Jones asserts Wendy Davis is the 4th most liberal senator, and then charts a voting record that is all but identical to six of her colleagues. His words: "Her ideological position is statistically indistinguishable from that of the other six Democratic senators."The entire hilarious takedown is well worth the read.
So if that's true, what weight is given data that makes her fourth most liberal and not one of the 6 others? By this same measurement, Jane Nelson -- yeah, that Jane Nelson -- is the 4th most conservative state senator, more so than Troy Fraser, Tommy Williams, Glenn Hegar, and Bob Estes. And every Republican in Texas is laughing out loud right now. Update II: In preparing my personal legislative scorecard at the Texas Tribune, Nelson was the Republican whose votes I agreed with the most often (a stunning 86%).
Dr. Jones should have simply saved himself the trouble and just gone all Ronald Reagan "librul-librul-librul" on Sen. Davis. He could have at least updated Reagan's smear with some of Rush Limbaugh's or Ann Coulter's spew; they've both made fortunes off that 'Liberals-R-e-VILL!' schtick. But I suppose he thinks what he's doing isn't the same thing.
Texas Democrats: It Gets Better
I thought I'd conclude this week's Texas Matters with something uplifting, so here goes. Recently, Democrats in the Texas legislature made an It Gets Better video as a message to the LGBT youth here in Texas. You'll notice some very familiar faces. It comes in two parts that are both worth the watch:
Yes, it really does get better. And that message, I believe, applies to the entire state as well.
Texas Diary Round-Up
eowynsdottir: Illegal Abortions Spike in Texas (7/12/2013)
Laura Clawson: Wendy Davis: The moment when real Texans stood up and said enough (7/12/2013)
LivesInAShoe: Action Diary: Stand With Texas Women (7/12/2013)
Jen Hayden: A judge secretly aids a prosecutor in Texas (7/12/2013)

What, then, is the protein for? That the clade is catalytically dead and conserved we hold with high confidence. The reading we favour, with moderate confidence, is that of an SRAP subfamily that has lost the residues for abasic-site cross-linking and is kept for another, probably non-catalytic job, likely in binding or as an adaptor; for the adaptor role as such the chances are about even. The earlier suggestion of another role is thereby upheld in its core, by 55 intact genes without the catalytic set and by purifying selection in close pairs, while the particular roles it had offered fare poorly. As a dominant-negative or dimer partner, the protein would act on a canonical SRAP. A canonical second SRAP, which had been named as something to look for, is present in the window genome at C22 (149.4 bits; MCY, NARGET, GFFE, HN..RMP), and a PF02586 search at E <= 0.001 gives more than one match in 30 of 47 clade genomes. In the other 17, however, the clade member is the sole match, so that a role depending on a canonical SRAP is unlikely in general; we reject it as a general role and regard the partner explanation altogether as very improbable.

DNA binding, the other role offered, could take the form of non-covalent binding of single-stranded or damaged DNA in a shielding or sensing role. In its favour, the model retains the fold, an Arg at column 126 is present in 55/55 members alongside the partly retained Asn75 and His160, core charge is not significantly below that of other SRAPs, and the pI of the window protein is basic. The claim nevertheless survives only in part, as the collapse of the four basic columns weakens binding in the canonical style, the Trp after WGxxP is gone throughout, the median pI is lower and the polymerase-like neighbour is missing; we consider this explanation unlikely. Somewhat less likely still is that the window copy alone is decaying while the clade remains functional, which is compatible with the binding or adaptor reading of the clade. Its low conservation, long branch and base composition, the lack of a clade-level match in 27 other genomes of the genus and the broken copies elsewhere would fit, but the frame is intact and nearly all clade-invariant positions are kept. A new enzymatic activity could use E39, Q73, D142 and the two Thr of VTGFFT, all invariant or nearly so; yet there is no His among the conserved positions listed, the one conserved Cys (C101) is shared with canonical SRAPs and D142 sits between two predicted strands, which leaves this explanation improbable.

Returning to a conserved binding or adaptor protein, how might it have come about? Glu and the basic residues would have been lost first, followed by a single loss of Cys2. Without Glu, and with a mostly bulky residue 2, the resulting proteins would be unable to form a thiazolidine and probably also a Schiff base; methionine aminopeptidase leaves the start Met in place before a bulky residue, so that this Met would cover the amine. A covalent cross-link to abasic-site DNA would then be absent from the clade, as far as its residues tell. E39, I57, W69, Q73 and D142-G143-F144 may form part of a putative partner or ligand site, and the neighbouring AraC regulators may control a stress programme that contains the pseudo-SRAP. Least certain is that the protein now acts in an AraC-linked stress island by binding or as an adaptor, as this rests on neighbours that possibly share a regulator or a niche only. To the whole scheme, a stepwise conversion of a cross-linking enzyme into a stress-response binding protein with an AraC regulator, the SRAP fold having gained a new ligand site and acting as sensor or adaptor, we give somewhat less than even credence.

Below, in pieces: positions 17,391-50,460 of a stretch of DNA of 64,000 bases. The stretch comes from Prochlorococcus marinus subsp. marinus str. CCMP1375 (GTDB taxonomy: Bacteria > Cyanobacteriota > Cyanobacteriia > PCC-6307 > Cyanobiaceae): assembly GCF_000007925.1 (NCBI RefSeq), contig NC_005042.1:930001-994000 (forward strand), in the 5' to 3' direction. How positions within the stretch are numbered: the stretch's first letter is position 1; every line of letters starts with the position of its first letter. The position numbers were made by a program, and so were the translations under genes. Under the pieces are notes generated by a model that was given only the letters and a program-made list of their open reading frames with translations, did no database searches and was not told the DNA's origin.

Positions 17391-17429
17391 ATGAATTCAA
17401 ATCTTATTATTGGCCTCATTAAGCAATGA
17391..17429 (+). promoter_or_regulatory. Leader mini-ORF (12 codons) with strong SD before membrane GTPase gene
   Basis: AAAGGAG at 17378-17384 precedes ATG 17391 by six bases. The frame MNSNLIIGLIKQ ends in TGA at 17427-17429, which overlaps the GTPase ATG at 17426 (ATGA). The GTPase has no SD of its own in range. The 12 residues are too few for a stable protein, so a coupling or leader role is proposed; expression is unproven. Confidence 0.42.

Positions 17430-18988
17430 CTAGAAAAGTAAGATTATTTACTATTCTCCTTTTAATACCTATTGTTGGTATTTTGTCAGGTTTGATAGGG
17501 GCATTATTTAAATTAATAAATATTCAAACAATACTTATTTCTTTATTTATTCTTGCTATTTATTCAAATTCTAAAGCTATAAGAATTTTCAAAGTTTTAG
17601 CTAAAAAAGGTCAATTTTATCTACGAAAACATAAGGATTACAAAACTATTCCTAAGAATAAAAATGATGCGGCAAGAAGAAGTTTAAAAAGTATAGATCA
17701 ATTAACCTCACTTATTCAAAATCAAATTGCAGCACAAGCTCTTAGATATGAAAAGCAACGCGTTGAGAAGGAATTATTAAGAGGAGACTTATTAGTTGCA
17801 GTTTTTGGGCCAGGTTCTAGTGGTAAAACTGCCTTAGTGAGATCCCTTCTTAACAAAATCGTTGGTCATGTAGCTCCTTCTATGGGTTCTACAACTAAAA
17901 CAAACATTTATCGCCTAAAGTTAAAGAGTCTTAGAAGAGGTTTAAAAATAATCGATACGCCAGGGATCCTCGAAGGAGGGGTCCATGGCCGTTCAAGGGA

Laura Clawson: Texas Republican: Anti-abortion bill 'is not a women's rights bill' (7/12/2013)
David Harris Gershon: TX Police Force Women to Throw Out Tampons to Enter Senate Gallery, While Allowing Concealed Guns (7/12/2013)
Laura Clawson: Texas Senate passes notorious anti-abortion bill (7/13/2013)
Horace Boothroyd III: “This is too much, this is just like some third world country that we’re in all of a sudden.” (7/13/2013)
JLFinch: U mad? This is what you can DO NOW to change Texas (7/13/2013)
jusjtim35: Protecting Women's Health? (7/14/2013)
DownstateDemocrat: TX-Gov: Greg Abbott sending e-mails from Rick Perry's campaign account (7/14/2013)
tiredntexas: Wendy Davis, Frontrunner for Texas Governor? (7/14/2013)
Laura Clawson: Wendy Davis: Texas GOP's War on Women's health goes much deeper than one anti-abortion bill (7/15/2013)
Fokozatos siker: "My wife has breast cancer": POWERFUL piece on Texas forced birthers (7/16/2013)
evilcommunist: Texas Going Blue (7/16/2013)
Laura Clawson: Texas Democrat: Let's put anti-abortion laws on hold until death penalty is abolished (7/17/2013
Jen Hayden: Lewis Black messes with Texas (7/18/2013)
Laura Clawson: Rick Perry signs Texas anti-abortion bill (7/18/2013)
Laura Clawson: The fight against Texas' new anti-abortion law isn't over (7/18/2013)
Laura Clawson: Women's health care going from bad to worse in Texas (7/18/2013)
Got more Texas news stories or action alerts? Share them in the comments!